Angela's intuition was not to be reckoned with; she'd been completely right about Hodgins proposing to her, and he hadn't taken his time either. Angela had told her all the details of the nice evening they had spent together only two weeks after that double-date at another nice restaurant, albeit smaller and more cozy, which had ended in his question. She'd said yes before he'd even finished asking, and Temperance knew that they were both beyond happy with how things had ended. They'd both been miserable, despite how hard they'd tried to ignore it, when they'd been separated.

The wedding had been planned this time, rather than rushed straight to. Temperance was pretty sure this was because they wanted this one to be as different as possible from the last one... probably to make it so that they could remember this one, and its success, far better than the last one, and its failure.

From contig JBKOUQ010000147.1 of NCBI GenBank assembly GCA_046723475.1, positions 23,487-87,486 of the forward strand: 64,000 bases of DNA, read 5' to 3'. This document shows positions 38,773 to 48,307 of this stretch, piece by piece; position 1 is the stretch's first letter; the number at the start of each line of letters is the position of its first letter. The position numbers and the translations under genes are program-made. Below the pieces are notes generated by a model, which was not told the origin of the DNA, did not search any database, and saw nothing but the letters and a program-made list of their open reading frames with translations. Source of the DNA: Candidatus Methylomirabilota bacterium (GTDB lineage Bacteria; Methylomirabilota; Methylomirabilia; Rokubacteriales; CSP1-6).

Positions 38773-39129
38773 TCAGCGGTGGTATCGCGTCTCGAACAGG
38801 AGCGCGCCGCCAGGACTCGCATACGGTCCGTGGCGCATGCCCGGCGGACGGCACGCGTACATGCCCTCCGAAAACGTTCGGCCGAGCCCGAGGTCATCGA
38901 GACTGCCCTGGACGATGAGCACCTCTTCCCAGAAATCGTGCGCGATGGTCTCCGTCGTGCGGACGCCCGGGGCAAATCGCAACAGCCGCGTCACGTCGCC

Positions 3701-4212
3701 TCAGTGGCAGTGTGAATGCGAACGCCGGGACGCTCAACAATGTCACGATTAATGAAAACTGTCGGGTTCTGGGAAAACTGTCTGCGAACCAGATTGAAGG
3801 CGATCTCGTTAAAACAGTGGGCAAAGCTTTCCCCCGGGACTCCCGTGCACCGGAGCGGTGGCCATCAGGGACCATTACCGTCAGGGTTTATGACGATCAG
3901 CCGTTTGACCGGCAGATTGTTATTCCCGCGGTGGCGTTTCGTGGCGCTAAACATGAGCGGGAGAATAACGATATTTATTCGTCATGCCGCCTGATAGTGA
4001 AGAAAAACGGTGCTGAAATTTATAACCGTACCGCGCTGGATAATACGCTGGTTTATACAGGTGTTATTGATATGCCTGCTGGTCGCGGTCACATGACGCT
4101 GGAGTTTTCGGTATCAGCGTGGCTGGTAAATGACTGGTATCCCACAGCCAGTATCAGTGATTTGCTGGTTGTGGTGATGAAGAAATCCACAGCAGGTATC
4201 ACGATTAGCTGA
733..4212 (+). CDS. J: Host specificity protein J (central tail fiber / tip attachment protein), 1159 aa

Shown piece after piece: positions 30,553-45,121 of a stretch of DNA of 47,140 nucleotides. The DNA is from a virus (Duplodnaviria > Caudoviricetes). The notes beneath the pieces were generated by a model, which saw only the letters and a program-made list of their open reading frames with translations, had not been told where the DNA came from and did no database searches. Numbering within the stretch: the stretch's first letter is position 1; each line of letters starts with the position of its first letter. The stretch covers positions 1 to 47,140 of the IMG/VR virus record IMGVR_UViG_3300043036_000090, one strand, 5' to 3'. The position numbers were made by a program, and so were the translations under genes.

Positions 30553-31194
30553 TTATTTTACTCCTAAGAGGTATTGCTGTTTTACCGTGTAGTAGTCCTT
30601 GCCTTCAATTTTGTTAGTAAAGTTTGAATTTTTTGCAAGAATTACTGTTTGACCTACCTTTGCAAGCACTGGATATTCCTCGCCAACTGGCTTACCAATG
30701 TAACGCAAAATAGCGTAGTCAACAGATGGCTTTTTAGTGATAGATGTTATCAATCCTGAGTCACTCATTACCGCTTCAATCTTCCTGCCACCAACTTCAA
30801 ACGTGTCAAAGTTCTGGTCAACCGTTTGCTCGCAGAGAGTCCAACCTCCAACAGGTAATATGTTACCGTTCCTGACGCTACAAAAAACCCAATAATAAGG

It had been a bit of a challenge for her, she admitted, with all the things that, as the maid of honor, she was expected to do and help with. She knew nothing about planning a wedding, so Angela had done almost all of it, and enjoyed it thoroughly, with her simply tagging along and giving advice which was almost always completely unhelpful.

Nonetheless, though, Angela seemed to have had great pleasure in selecting her own dishware and her own hors-d'oeuvres without her help. It seemed she only wanted her there as company and someone to talk to about all of it. Well, she'd been fine with that, even if she had still thought she'd been letting her friend down a bit.

Booth had been Hodgins' choice for best man, also as Ange had predicted, and he'd apparently planned an excellent bachelor party which she knew he was very proud of. He'd had a good time, and so had Hodgins, that she knew, but she didn't press for details. Apparently the purpose was that it was something you weren't supposed to be told about. A night of freedom or something like that. Booth had assured her, however, that he had behaved himself.